Building a real estate portfolio
Mix & match
For many first-time buyers, purchasing a property is an exciting step toward increasing capital. But did you know that in most cases, you can afford more than one property and build a proper real estate portfolio? Yes, it might sound crazy, but it's more attainable than you think. You can do a lot with an average income. It's also worth it: With a portfolio, you can apply multiple investment strategies to achieve equity while preparing for retirement. You also can profit from more security if you pick the right combination. However, don't dive headfirst into things without knowing what you're getting yourself into. In this article, we'll explain the right way to build a great portfolio.
Let's get the first question out of the way: What is a portfolio? In the investment world, a portfolio is everything that belongs to your assets. That includes e. g. your ETF savings plans, stocks, securities, and properties that generate returns. For now, we're not going to look at your entire investment portfolio. We'll focus on your real estate portfolio, which is essentially the sum of all your real estate assets. There's no general rule on how many properties you need to buy to say you have a portfolio, but we generally define it as five or more units. However, the sky's the limit.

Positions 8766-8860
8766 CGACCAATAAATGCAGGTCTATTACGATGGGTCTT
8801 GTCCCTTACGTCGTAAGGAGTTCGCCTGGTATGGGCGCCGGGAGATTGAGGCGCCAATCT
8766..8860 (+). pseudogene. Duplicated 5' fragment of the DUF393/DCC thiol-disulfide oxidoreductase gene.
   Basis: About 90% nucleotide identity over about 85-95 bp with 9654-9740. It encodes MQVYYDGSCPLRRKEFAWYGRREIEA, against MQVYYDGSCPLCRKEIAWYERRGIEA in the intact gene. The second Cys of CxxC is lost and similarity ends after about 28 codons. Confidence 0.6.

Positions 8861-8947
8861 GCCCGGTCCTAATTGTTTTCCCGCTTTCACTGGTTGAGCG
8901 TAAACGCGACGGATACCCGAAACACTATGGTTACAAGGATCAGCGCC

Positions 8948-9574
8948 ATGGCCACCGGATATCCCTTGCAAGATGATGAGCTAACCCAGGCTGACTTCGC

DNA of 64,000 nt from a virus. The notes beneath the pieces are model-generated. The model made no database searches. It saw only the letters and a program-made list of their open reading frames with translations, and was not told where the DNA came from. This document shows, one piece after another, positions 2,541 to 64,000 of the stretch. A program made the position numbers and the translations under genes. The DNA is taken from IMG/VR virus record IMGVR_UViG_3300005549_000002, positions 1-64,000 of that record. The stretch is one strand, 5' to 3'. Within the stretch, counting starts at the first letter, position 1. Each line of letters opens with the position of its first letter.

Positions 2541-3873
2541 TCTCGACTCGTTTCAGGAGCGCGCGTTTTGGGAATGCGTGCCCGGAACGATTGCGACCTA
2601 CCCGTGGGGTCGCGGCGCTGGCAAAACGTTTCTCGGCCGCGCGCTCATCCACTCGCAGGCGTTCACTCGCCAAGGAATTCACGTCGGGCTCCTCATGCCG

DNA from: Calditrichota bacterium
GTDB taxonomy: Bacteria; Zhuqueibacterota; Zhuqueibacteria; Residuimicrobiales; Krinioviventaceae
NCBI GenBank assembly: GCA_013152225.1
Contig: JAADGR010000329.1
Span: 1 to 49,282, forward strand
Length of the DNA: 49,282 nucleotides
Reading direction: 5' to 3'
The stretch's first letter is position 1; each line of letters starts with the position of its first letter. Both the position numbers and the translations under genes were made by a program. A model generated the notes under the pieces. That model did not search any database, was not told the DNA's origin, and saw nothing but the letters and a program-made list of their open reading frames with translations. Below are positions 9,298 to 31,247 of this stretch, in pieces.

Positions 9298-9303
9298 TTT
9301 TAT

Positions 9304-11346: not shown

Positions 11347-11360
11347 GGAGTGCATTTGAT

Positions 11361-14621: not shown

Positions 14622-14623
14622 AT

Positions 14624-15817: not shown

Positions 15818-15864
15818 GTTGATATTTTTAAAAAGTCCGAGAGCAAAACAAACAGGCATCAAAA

More is more?
There are some compelling reasons why buying more than one property makes sense. When you buy a property as an investment, you don't just do it because it's fun — or shouldn't, at least. You always have a goal: Maybe you want more cash to afford more trips or other things. Or maybe you want to have something to boost your retirement savings. Depending on the desired outcome, you choose an investment strategy, such as buy & hold, buy & develop or fix & flip.